Question: "Will more people go to heaven or to hell?"
The question of whether there are more people in heaven or hell is answered by Jesus Himself in one succinct passage: “Enter by the narrow gate. For the gate is wide and the way is easy that leads to destruction, and those who enter by it are many. For the gate is narrow and the way is hard that leads to life, and those who find it are few” (Matthew 7:13–14).
This passage tells us that only those who receive Jesus Christ and who believe in Him are given the right to become children of God (John 1:12). As such, the gift of eternal life comes only through Jesus Christ to all those who believe. He said, “I am the way, and the truth, and the life. No one comes to the Father except through me” (John 14:6). It’s not through Mohammed, Buddha, or other false gods of man’s making. It’s not for those wanting a cheap and easy way to heaven while continuing to live their own selfish and worldly lives on earth. Jesus only saves those who fully trust in Him as Savior (Acts 4:12).
So, what are these two gates in Matthew 7:13–14? They are the entrance to two different “ways.” The wide gate leads to the broad way, or road. The small, narrow gate leads to the way that is narrow. The narrow way is the way of the godly, and the broad way is the way of the ungodly. The broad way is the easy way. It is attractive and self-indulgent. It is permissive. It’s the inclusive way of the world, with few rules, few restrictions, and fewer requirements. Tolerance of sin is the norm where God’s Word is not studied and His standards not followed. This way requires no spiritual maturity, no moral character, no commitment, and no sacrifice. It is the easy way of salvation, following “the course of this world, following the prince of the power of the air, of the spirit that is now at work in the sons of disobedience” (Ephesians 2:2). It is that broad way that “seems right to a man, but end is the way to death” (Proverbs 14:12).
Those who preach a gospel of inclusiveness where “all ways lead to heaven” preach an utterly different gospel than the one Jesus preached. The gate of self-centeredness, self-absorption, and a proud, holier-than-thou mindset is the wide gate of the world that leads to hell, not the narrow gate that leads to eternal life. As a result, most people spend their lives following the masses who are on the broad road, doing what everyone else does and believing what everyone else believes.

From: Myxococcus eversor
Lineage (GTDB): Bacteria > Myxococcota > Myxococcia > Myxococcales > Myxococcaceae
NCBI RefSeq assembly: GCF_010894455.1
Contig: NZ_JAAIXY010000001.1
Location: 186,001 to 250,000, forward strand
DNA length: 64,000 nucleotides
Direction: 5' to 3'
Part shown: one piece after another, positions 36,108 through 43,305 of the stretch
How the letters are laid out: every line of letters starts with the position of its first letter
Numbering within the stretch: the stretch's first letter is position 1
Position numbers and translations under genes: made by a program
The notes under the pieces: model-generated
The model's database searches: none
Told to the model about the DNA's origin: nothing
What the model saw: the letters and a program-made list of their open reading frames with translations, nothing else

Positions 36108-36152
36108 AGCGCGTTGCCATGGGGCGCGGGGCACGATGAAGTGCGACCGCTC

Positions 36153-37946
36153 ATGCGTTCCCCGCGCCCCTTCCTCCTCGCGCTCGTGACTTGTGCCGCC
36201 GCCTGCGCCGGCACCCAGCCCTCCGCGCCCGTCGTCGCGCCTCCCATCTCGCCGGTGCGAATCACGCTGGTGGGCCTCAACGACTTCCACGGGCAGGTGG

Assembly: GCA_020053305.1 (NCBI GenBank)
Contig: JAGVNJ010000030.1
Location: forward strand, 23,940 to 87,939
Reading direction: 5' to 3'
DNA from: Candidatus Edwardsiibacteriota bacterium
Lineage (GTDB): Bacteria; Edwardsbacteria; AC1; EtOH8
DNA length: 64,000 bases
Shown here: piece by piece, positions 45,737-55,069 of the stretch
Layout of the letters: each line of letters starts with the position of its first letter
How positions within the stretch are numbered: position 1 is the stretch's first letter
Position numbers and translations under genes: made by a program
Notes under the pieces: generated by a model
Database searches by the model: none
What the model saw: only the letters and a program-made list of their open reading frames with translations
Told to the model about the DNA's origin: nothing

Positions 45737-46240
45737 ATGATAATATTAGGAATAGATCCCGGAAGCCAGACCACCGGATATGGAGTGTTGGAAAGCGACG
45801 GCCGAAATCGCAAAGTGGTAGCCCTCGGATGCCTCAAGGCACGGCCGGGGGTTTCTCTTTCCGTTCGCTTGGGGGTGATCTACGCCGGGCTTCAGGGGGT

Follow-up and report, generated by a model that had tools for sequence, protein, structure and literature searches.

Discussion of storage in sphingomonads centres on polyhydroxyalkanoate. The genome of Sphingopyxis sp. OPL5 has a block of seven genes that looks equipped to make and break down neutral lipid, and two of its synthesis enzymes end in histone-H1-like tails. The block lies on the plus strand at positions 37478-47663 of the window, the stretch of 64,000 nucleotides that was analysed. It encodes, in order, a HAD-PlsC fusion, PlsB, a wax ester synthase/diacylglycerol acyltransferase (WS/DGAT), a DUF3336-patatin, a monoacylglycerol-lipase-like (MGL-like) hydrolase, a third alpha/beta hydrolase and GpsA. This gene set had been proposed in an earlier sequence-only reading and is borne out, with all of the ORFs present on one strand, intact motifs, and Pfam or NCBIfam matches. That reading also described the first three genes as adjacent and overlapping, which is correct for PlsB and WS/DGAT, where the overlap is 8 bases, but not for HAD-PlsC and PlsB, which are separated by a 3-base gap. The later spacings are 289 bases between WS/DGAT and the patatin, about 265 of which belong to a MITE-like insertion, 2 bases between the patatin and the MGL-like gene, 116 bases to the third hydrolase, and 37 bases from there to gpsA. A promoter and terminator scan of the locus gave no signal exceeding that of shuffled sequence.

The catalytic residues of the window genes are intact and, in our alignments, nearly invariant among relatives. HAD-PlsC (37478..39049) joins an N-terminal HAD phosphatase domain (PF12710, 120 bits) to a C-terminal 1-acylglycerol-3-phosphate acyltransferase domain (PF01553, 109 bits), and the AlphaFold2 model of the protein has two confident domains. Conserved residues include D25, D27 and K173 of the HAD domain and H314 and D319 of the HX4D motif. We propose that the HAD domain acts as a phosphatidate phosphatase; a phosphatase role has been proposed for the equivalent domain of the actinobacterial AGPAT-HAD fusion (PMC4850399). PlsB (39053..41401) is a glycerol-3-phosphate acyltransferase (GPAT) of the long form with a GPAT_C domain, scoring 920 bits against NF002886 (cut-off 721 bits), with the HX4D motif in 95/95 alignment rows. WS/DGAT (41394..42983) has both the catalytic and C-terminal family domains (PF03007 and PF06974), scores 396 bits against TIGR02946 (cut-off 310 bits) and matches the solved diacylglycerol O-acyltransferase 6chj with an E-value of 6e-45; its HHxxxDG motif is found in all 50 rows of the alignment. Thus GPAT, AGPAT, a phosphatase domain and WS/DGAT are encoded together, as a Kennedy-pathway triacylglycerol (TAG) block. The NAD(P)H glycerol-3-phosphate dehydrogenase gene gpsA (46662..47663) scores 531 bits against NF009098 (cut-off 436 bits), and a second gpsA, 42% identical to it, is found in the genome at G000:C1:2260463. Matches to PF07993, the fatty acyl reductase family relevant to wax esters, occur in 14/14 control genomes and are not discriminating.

The narrow way is the hard way, the demanding way. It is the way of recognizing that you cannot save yourself and must depend on Jesus Christ alone to save you. It’s the way of self-denial and the cross. The fact that few find God’s way implies that it is to be sought diligently. “You will seek me and find me, when you seek me with all your heart” (Jeremiah 29:13). The point is this that no one will stumble into the kingdom or wander through the narrow gate by accident. Someone asked Jesus, “Lord, will those who are saved be few?” He replied, “Strive to enter through the narrow door. For many, I tell you, will seek to enter and will not be able” (Luke 13:23–24).
Many will seek to enter that narrow door, the door of salvation, but “will not be able.” They are unwilling to trust/rely on Jesus alone. They are unwilling to pay the price. It costs too much for them to give up the world. God’s gate is a gate through which one cannot carry the baggage of sin and self-will, nor can one carry the accoutrements of materialism. The way of Christ is the way of the cross, and the way of the cross is the way of self-denial. Jesus said, “If anyone would come after me, let him deny himself and take up his cross daily and follow me. For whoever would save his life will lose it, but whoever loses his life for my sake will save it” (Luke 9:23–24).
Jesus knows that many will choose the wide gate and the broad way that leads to destruction and hell. Correspondingly, He said that only a few will choose the narrow gate. According to Matthew 7:13–14, there is no doubt that more will go to hell than to heaven. The question for you is, then, on which road are you?